WA Secondary Principal of the Year 2021

WA Secondary Principal of the Year 2021

Inspiring the next generation

Mitchell Mackay, John Curtin College of the Arts
WA Secondary Principal of the Year 2021

Driven by his belief in the public school system and dedication to pursuing excellence, Mitchell Mackay’s reach in education has extended far beyond those at John Curtin College of the Arts where he is principal.

Working extensively with the Department of Education, he has set up supports that “reach every student, in every classroom, every day”.

Making education across the State a priority, he has helped lead and develop system-wide initiatives and the implementation of department policy to further education in WA.

Mitchell also mentors other principals and led his staff to establish John Curtin College of the Arts as a highly effective mentor school, providing online learning materials for secondary teachers throughout the WA public school system.

“I love helping others build capacity in their own leadership and sharing the joy of success,” he says.

“I would like to continue to share my extensive leadership knowledge and experience with many other principals in our education system and inspire them to be innovative in building cultures of excellence.”

With a management style that builds leaders and has been described as “cultivating passion and goodwill,” Mitchell supports John Curtin College of the Arts staff to gain a deep knowledge of their students, promoting a culture of both high performance and high care.

“As educators, we have an enormous responsibility to help develop our next generation of young adults and bestowed upon us is this greatest privilege of leading,” he says.

“When you are in charge, take charge. Many people are too frightened to make decisions for fear of things going wrong.

“When you make a decision in big organisations, then also take the responsibility for everyone else who made it with you and accept that things will not always work perfectly.

“Mistakes drive the innovation and encouraging other leaders to feel safe in their decision making, helps them build their own capacity.

“When you really build capacity in the leaders around you it is then that the organisation can do amazing things.”

Mitchell describes success as when a school is able to ensure its students are “ready to face the challenges ahead of them, contribute to build a better society and continue a love of learning throughout their life”.

“Success for our most difficult children should be equally valued and celebrated as much as the success of our brightest,” he says.

Praised for his “no one size fits all” approach to education and leadership, he has also established the college as one of the consistently top academic performing schools in the State while catering for the unique needs of more than 200 children with diagnosed individual educational differences.

His many roles include identifying and selecting gifted students from across WA, receiving more than 1500 applications annually from students keen to attend.

“I am proud that I have been able to create one of the top performing academic schools in the State with a culture of kindness, excellence, creativity and innovation,” Mitchell says.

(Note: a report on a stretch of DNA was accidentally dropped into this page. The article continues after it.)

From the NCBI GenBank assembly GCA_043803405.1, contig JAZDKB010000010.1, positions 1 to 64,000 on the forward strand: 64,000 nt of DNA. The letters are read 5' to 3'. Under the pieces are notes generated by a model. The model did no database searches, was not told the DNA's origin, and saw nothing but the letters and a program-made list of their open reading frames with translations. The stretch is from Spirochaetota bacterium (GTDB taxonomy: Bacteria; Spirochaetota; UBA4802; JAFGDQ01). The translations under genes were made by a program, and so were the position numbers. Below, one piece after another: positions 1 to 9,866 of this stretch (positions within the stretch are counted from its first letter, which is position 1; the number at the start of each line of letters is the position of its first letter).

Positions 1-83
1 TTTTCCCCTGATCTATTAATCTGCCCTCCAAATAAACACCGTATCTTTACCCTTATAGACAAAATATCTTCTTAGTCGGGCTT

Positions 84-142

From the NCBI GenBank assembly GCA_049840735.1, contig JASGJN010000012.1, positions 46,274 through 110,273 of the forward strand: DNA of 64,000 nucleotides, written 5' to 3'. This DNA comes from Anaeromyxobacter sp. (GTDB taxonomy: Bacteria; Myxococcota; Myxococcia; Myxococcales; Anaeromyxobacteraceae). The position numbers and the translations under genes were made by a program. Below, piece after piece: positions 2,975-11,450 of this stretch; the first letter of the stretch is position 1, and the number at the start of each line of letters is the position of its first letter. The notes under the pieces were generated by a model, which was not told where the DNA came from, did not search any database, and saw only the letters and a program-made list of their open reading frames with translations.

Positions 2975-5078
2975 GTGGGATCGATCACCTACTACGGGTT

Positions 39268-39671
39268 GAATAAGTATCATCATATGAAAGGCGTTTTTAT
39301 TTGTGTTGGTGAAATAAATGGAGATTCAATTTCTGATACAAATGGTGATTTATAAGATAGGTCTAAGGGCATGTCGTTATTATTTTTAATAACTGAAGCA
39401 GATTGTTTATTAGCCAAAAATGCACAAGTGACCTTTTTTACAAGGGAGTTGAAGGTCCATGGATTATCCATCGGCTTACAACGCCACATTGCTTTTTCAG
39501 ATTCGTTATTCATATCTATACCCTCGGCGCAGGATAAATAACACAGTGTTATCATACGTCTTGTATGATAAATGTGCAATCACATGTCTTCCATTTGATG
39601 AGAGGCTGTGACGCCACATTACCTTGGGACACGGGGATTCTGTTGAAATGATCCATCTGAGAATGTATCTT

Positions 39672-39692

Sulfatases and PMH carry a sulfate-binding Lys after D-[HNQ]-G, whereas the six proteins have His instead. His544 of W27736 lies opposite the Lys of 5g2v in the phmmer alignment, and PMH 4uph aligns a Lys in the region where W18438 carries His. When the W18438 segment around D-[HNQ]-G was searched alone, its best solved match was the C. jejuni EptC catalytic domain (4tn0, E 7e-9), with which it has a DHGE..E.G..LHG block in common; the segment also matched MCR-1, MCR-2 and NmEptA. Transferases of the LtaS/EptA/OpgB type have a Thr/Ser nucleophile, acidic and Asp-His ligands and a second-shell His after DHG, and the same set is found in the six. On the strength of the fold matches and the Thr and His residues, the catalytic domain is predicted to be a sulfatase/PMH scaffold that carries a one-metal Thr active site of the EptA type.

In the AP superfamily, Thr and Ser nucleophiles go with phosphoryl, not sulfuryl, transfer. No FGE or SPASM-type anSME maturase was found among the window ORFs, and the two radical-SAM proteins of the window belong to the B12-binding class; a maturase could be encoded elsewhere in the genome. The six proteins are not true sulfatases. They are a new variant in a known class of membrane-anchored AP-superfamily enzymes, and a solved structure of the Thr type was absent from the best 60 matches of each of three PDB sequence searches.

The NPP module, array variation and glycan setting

“It is the most unique school in WA, with over 100 evenings of performance each year, in seven different areas of the Arts.

“Our staff and students are amazing. It never ceases to surprise me how talented people are and how, given the correct culture and support, they can achieve outstanding things in their lives.

“I was always attracted to doing things that were purposeful and made a difference. I knew from my first day of teaching that I had found the right profession and have loved every day of my 38-year career.”

As well as running a large top performing academic and arts secondary school, Mitchell manages two theatres with operating budgets and staffing requirements that are larger than those of some medium-sized schools. This sees the college operate seven days a week, 51 weeks of the year, with 108 evenings of performances and over 35,000 theatre patrons.

The Public School Review, undertaken in March 2021, highlighted the effectiveness of his management, with all areas of the college found to be exemplary.

Life-long learning has been entrenched as a core value at John Curtin College of the Arts under his leadership and Mitchell clearly leads by example. He actively engages in the growth of himself and others.

With a background in maths and science, he has developed into a leader through completing a Masters of Education in Business and Administration.

Since beginning at the college, Mitchell has continued his journey of self-improvement, becoming a Harvard Fellow and assisted in the development of future Fellows. He is also learning guitar.


Secondary principals take the lead in bringing their schools and communities together, and are well respected by their colleagues. They guide staff and students with insight and inspiration.

This award is proudly sponsored by Teachers Mutual Bank.

Winner
  • Mitchell MacKay, John Curtin College of the Arts
Finalists
  • Lesley Street, Mount Lawley Senior High School
  • Mike Morgan, Shenton College
  • Sue Gilchrist, Morley Senior High School